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    Lessons from Mothers

    Sometimes there are times like these. 

     Or years like these. When not that much seem to be going right. I search the soul till it hurts, trying to see what I can’t see yet, and still come empty.

    When the frustration boils over too far, I have a solution – “Go Outside”. “Go to that tree”. "Notice its strength devoid of any pretense".

    I try to notice its invisible roots that draw energy from the earth. I notice its' dropped needles that give the nourishment back. Don’t analyze, don’t pretend to understand. Just the feel that strength. It’s not infallible, the tree next to this one is laying down. Transforming into nourishment for others.

    When I look at Mothers, I see the same. It can be a young girl in a grocery store, overwhelmed by her three rambunctious kids. But underneath that there is a resolve, there is continuance that she has and gives, putting them to bed, reminding them to pick up the socks. It’s not even important how great or how imperfect the mothers are as they are all human. It’s the place they hold giving life, giving strength, providing lessons whichever way, on what to do or not.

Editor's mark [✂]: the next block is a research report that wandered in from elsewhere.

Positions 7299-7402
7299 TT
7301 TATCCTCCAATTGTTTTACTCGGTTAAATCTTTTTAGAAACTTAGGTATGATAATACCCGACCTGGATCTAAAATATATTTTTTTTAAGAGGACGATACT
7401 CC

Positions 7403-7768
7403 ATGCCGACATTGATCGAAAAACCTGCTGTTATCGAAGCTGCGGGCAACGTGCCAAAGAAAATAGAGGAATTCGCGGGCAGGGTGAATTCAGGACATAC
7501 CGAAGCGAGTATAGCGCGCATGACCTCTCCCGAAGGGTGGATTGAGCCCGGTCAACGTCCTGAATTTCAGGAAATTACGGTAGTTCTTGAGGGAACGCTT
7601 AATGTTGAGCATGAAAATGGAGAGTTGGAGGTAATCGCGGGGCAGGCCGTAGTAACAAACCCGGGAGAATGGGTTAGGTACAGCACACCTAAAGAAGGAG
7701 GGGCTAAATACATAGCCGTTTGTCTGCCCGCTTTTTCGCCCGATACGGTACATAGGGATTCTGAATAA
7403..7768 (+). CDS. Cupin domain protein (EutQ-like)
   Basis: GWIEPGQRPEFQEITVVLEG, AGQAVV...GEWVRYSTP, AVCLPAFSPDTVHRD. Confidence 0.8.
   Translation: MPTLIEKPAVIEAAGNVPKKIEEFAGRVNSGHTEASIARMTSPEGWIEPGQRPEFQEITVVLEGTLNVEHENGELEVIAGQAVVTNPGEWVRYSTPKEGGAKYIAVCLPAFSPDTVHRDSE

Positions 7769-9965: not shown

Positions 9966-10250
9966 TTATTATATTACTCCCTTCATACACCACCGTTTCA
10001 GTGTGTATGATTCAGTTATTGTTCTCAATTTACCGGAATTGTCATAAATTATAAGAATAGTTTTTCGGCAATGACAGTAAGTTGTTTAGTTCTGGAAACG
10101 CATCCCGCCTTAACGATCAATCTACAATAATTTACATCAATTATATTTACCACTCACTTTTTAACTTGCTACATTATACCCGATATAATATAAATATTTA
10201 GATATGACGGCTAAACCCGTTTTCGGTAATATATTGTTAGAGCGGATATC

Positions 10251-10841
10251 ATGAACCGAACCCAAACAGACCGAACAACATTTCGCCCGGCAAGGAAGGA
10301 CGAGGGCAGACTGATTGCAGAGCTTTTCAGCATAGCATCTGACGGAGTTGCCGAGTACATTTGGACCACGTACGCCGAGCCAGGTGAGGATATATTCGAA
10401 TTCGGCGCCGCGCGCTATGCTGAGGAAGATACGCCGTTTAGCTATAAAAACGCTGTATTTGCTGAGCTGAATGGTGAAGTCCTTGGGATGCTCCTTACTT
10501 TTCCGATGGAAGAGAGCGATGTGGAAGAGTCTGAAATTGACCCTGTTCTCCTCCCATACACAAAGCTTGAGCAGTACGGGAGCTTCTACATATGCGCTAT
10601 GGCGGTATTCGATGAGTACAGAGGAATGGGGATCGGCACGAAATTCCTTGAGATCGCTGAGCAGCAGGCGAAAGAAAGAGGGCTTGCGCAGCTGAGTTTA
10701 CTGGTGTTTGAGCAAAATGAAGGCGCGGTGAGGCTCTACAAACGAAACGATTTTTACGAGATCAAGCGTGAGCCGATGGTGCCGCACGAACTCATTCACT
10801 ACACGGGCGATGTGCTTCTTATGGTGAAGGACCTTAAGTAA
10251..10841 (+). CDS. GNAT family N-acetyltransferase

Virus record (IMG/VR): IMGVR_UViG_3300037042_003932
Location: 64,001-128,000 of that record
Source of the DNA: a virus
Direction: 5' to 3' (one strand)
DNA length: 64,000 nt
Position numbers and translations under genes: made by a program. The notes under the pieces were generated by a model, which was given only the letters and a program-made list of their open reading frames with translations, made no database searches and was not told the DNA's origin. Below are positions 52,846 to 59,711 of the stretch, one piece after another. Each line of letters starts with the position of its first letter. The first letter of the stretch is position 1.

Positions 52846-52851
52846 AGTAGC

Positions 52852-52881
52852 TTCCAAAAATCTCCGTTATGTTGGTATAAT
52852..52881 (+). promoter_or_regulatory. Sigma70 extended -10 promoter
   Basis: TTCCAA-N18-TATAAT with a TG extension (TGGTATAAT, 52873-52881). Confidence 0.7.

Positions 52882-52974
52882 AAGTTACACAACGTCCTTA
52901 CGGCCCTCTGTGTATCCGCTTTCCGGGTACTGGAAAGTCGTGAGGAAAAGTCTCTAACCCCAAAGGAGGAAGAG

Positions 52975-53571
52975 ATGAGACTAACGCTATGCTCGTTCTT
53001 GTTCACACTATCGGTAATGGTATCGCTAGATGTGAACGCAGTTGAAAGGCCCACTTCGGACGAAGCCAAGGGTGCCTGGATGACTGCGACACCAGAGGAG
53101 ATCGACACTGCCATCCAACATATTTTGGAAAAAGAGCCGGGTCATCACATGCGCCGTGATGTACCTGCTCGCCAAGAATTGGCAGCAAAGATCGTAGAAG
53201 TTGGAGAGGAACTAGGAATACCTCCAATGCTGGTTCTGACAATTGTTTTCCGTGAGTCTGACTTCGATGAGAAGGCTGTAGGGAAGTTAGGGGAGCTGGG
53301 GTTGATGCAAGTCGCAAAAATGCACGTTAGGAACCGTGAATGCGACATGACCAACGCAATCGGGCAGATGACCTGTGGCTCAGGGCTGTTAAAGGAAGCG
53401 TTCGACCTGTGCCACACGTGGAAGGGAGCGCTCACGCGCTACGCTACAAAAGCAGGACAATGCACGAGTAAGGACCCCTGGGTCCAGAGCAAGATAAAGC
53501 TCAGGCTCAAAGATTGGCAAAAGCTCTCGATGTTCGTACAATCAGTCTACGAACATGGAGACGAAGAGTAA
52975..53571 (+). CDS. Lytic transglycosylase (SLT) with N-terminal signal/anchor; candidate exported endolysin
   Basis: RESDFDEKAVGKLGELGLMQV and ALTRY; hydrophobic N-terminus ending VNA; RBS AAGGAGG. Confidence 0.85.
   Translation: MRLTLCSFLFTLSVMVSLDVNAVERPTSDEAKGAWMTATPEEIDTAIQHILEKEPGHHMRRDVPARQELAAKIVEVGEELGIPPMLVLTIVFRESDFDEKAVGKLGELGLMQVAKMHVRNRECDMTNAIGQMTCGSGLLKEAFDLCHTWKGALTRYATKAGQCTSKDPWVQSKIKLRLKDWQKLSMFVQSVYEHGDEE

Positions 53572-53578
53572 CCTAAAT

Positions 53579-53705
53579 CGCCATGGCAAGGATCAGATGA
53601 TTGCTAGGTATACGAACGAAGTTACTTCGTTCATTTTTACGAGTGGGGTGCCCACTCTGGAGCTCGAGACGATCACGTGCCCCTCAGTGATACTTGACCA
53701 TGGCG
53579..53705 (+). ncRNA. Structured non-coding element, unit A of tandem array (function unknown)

My Mom is 88 y.o. and unexpectedly I am being shared the greatest lessons of all. She is fighting the big C, stage IV. It is the stage where doctors are mostly interested in “comfort” not cure. Mom in her very imperfect English is teaching all of us different. She is successfully conquering her diagnosis so far and leading us with an incredible lesson of determination and will.

    In my heart I know that last year has given our family more than it took, the platform to come together in strength, compassion, and empathy. It’s another huge gift from Mom.

    I understand that Aspens trees are not individual organisms but a community connected by root and a genetic signature system. Some say that it’s one of the oldest living organisms surviving incomprehensive span of over 80,000 years. They pass the nutrients to their community even when wiped out from Earth surface and return again and again to nourish life.

    Maybe that’s why being between the trees feels so good. It offers unspoken answers of how to love our human family and how to share the strength and connection. How to honor our roots.